The government usually blames violence within its borders on Colombian rightwing paramilitaries engaged in a war against its revolution. But as David Smilde and Hugo Pérez Hernáiz of the Washington Office on Latin America, a think-tank, recently wrote: “Attributing violence in Venezuela to paramilitary activity has been a common rhetorical move used by the government over the past year, effectively making a citizen security problem into a national security problem.”

For many Venezuelans it no longer matters who is to blame. “It is a state policy of letting anarchy sink in,” says a former policeman outside the gates of a compound in Caracas.

That former police station now houses the Frente 5 de Marzo, one of the political groups that consider themselves the keepers of socialism’s sacred flame. The gates bear the colours of the Venezuelan flag and are marked with bullet holes. The man believes there is something akin to a civil war going on.

“Venezuela is pure chaos now. It seems to me there is no way back,” he says.

China: Up To 80% of Children in Some Areas Get Antibiotics from Tainted Food and Drinking Water, Shanghai’s Fudan University Finds

February 22, 2016


Mon Feb 22, 2016 5:56 am EST

Children in China’s eastern Jiangsu province are being widely exposed to antibiotics from tainted food and drinking water, potentially harming long-term health, local media reported on Monday, citing research from Shanghai’s Fudan University.

The study, which tested for 21 common antibiotics, including those used for animals, found traces of at least one type in 80 percent of a pool of 505 schoolchildren in Shanghai, China’s modern business hub with a population over 20 million.

China suffers from serious overuse of antibiotics, with doctors prescribing them to half of all outpatients, far above recommended levels, according to the World Health Organization (WHO).

A WHO report in November found that nearly two-thirds of Chinese believed antibiotics should be used to treat colds and flu, while one-third thought antibiotics were effective against headaches.

Misuse of antibiotics is becoming a global risk, making the drugs much less effective at treating common infections.

“Beyond the health system, the economic costs of antibiotic resistance are formidable – in China, one prediction estimates the loss of up to a million lives a year by 2050,” the WHO said in the report.

The study from Fudan, one of China’s top universities, included both human and veterinary antibiotics. Some individual antibiotics, including those normally used in farming, were detected in nearly one-third of children tested.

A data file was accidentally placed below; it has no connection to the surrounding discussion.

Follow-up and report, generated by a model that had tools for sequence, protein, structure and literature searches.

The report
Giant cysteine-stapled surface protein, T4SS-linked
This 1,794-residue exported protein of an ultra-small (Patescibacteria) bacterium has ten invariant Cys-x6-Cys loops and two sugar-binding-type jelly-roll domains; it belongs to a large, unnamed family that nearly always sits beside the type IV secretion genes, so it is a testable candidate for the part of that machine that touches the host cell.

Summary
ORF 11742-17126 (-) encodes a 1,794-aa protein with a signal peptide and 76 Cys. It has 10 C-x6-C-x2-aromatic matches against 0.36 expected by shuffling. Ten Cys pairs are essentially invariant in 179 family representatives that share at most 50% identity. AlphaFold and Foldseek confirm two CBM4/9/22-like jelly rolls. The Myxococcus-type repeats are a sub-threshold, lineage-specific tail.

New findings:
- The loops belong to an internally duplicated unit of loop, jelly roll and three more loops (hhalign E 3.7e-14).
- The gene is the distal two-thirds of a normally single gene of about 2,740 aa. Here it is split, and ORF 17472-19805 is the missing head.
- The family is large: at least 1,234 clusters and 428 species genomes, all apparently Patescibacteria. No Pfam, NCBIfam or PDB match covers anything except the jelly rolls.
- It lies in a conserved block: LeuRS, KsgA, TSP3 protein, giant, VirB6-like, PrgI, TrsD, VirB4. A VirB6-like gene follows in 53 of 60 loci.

The was published in the journal Environment International.

In 2013, China used 162,000 tons of antibiotics, around half of the world’s total use, state-backed news website said. It added that more than 50,000 tons of antibiotics were discharged into China’s waterways and soil.

(Reporting by Adam Jourdan; Additional reporting by the Shanghai newsroom; Editing by Richard Borsuk)

 China — factory waste water from the Shenhua coal-to-liquid project into a stream in the hills in Ordos in the inner Mongolia. Photograph – Qiu Bo, Greenpeace. 2014 photo

Broad deal reached on Trans-Pacific Partnership

October 5, 2015



Twelve Pacific Rim countries on Monday reached a broad agreement on the Trans-Pacific Partnership to create one of the world’s largest free trade zones and set new international standards for trade and investment, negotiators said.

The joint statement issued after the marathon talks in Atlanta said Japan agreed to increase imports of butter, rice, wheat from TPP member states.

Tokyo also agreed to cut tariffs on pork and beef from TPP partners, according to the document.

Meanwhile, the TPP is to include a minimum of eight years of protection for new drugs, a Japanese official said.

The U.S. will completely lift tariffs on Japanese auto imports over 25 years, according to the deal.

In Tokyo, Prime Minister Shinzo Abe welcomed the basic agreement as “a far-sighted policy for all participating countries that share the same values and are trying to build a free and fair economic zone.”

The regional free trade pact, led by the United States, will represent about 40 percent of global gross domestic product. The deal must be officially signed by the participants and be approved by the legislature of each nation before taking effect.

The TPP countries are Australia, Brunei, Canada, Chile, Japan, Malaysia, Mexico, New Zealand, Peru, Singapore, the United States and Vietnam.